"We are happy to pay more tax, whatever the world agrees to," Pichai said, noting that the company's current blended global tax rate is 20 percent. But he said the question was where Google should pay.
Critics have accused large US technology companies like Google of paying too little tax outside the US, despite deriving a large portion of their revenue from these other countries.
Pichai said that as Google hired more engineers globally -- for instance, in France, where Google said this week that it would add more engineering and research staff -- it would equalise the distribution of its tax payments across different countries.
In a wide-ranging question-and-answer session with WEF founder and executive chairman Klaus Schwab, Pichai touched on a number of other hot-button subjects, from anti-trust complaints about Google to extremist content on its YouTube service.
In responding to questions about the European Commission's decision last year to fine Google EUR 2.4 billion ($3 billion or roughly Rs. 19,000 crores) for abusing its dominant market position in search, Pichai said the company believed its service had benefited consumers.
"Even when you put the user first there can be winners and losers," he said. "But we are confident the product we have benefits the consumers in Europe and that is what we have tried to emphasise."
Asked about whether social media companies, including Google's YouTube, should decide what content constitutes extremism or hate speech, Pichai said he did not think internet giants should be turned into the de facto arbiters.
Germany has begun enforcing Europe's toughest law aimed at reining in hate speech and fake news on social media, threatening to fine tech firms as much as EUR 50 million ($61 million or roughly Rs. 388 crores) if they refuse to delete illegal posts.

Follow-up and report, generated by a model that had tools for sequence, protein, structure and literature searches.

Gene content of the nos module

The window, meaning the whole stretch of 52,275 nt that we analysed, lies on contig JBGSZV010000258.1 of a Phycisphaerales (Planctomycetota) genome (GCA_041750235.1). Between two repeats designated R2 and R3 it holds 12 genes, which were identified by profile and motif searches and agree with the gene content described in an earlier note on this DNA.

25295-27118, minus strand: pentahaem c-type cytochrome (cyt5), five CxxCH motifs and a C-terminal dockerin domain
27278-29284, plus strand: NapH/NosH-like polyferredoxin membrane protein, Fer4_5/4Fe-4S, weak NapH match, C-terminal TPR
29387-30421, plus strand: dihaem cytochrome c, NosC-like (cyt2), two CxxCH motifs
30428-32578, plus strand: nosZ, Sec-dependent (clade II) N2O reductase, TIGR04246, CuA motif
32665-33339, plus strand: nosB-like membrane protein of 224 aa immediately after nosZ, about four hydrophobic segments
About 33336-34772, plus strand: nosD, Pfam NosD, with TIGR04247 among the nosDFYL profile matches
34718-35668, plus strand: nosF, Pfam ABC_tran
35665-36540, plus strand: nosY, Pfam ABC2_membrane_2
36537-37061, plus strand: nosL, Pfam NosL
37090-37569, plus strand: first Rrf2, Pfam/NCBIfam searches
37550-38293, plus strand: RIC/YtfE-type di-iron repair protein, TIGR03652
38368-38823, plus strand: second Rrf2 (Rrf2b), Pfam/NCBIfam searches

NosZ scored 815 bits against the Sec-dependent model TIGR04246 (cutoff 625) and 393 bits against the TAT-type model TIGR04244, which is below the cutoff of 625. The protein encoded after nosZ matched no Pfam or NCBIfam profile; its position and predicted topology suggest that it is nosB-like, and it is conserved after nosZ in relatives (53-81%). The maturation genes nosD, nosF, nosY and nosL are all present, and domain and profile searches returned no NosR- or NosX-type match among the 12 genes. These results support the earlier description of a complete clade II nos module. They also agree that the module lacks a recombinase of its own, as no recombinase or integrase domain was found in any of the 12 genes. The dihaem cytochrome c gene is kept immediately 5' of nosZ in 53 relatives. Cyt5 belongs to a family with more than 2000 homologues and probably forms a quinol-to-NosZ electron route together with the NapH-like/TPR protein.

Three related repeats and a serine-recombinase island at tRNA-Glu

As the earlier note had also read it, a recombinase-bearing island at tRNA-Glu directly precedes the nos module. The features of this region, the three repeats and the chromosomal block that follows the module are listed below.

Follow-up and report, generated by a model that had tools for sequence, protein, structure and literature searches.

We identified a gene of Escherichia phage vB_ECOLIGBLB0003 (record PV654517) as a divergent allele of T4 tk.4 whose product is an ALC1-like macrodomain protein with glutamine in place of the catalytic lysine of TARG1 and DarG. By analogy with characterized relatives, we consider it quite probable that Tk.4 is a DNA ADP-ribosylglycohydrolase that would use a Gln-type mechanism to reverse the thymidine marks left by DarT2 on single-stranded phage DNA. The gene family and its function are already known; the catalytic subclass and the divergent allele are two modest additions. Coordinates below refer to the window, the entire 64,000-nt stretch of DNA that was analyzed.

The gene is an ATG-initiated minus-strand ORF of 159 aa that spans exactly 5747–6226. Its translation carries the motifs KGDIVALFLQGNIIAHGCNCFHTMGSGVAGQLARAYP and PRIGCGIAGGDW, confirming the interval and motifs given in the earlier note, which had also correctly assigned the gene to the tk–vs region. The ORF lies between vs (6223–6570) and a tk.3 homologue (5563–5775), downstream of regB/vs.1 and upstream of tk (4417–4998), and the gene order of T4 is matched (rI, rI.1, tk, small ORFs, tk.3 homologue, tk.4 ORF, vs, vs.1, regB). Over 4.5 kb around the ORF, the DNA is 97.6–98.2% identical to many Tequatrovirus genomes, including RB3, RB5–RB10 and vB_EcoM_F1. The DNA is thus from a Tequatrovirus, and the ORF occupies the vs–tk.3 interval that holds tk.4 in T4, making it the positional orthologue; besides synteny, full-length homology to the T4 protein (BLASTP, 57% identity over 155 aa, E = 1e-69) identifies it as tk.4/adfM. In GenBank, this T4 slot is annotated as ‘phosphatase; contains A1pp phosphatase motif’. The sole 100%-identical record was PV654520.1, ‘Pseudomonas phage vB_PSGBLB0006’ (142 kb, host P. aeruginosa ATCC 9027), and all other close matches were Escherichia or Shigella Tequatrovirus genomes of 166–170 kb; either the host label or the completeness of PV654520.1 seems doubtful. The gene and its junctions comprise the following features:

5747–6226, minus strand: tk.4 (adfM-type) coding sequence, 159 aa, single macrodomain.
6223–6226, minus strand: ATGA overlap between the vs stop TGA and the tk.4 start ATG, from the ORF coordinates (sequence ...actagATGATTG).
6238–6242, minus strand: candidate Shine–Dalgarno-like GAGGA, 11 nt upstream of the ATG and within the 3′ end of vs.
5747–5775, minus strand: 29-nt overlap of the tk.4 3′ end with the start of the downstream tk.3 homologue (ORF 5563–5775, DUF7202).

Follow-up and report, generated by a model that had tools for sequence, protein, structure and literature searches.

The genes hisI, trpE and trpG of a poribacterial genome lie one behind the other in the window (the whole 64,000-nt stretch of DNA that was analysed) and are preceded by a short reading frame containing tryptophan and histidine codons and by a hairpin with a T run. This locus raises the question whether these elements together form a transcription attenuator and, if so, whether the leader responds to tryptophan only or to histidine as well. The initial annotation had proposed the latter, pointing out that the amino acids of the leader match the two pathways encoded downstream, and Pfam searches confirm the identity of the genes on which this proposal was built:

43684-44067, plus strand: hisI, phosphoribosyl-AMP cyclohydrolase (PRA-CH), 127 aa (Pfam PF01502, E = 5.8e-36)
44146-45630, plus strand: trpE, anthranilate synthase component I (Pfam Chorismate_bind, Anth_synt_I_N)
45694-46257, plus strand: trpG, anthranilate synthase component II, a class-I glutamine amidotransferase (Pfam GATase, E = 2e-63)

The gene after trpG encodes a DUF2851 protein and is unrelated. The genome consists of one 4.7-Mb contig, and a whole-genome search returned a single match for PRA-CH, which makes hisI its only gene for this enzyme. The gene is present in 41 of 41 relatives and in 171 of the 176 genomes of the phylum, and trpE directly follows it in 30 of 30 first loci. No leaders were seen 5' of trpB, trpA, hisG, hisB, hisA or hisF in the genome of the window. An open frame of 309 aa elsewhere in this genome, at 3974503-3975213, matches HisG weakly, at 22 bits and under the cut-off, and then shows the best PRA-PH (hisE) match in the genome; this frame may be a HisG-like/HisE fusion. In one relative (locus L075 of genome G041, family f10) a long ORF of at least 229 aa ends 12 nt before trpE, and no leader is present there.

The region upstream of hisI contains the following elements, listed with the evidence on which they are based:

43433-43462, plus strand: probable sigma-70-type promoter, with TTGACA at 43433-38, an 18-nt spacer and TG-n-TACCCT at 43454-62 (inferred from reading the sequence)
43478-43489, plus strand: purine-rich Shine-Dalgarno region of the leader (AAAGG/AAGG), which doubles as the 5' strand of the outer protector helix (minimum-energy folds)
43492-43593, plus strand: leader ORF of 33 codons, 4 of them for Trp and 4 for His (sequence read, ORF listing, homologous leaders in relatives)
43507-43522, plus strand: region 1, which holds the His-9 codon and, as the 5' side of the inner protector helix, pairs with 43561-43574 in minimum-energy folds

Pichai's views echo the thought of Elliot Schrage, Facebook's vice president of public policy. Speaking at the DLD conference in Munich on Sunday, Schrage said Germany's new law "places the responsibility for us to be judge and jury and enforcer, determining what is legally required or not, on the private sector, on us as a platform," he said. "And I think that's a bad idea."
Pichai said Google had tried to avoid this dilemma by relying on non-governmental groups that combat terrorism and extremism to guide its decision-making. But he said it was also helpful when governments had clearer definitions of what is allowed.
Klaus pressed Pichai about James Damore, a Google engineer fired after circulating a manifesto questioning women's engineering abilities, and accusing Google of having too politically-correct a corporate culture. Damore is now suing Google for discrimination.
"The participation of women in tech is very, very low, but technology products affect everyone," Pichai said, defending Google's emphasis on gender diversity. "The only way to fix that is to involve more women in the development of technology."
Pichai said he was glad that Damore's manifesto had prompted an open discussion of the issue but that he wanted "an inclusive culture for all Googlers."
The CEO repeated his assertion, made earlier this week at a pre-Davos forum, that the advent of artificial intelligence would be more important to humanity than either the mastery of fire or electricity.
He said that while there were legitimate concerns about AI, it was important not to lose sight of its potential benefits.
"The risks are substantial, but the way you solve it is by looking ahead, thinking about it, thinking about AI safety from day one, and to be transparent and open about how we pursue it," he said.
Countries should come together and agree not to use AI for military purposes, Pichai said.
He also said that the militarisation of AI was unlikely to give a long-lasting advantage to any nation. "AI is a great equaliser," he said. "It's tough to weaponise because everyone will have the same ability to get you back."
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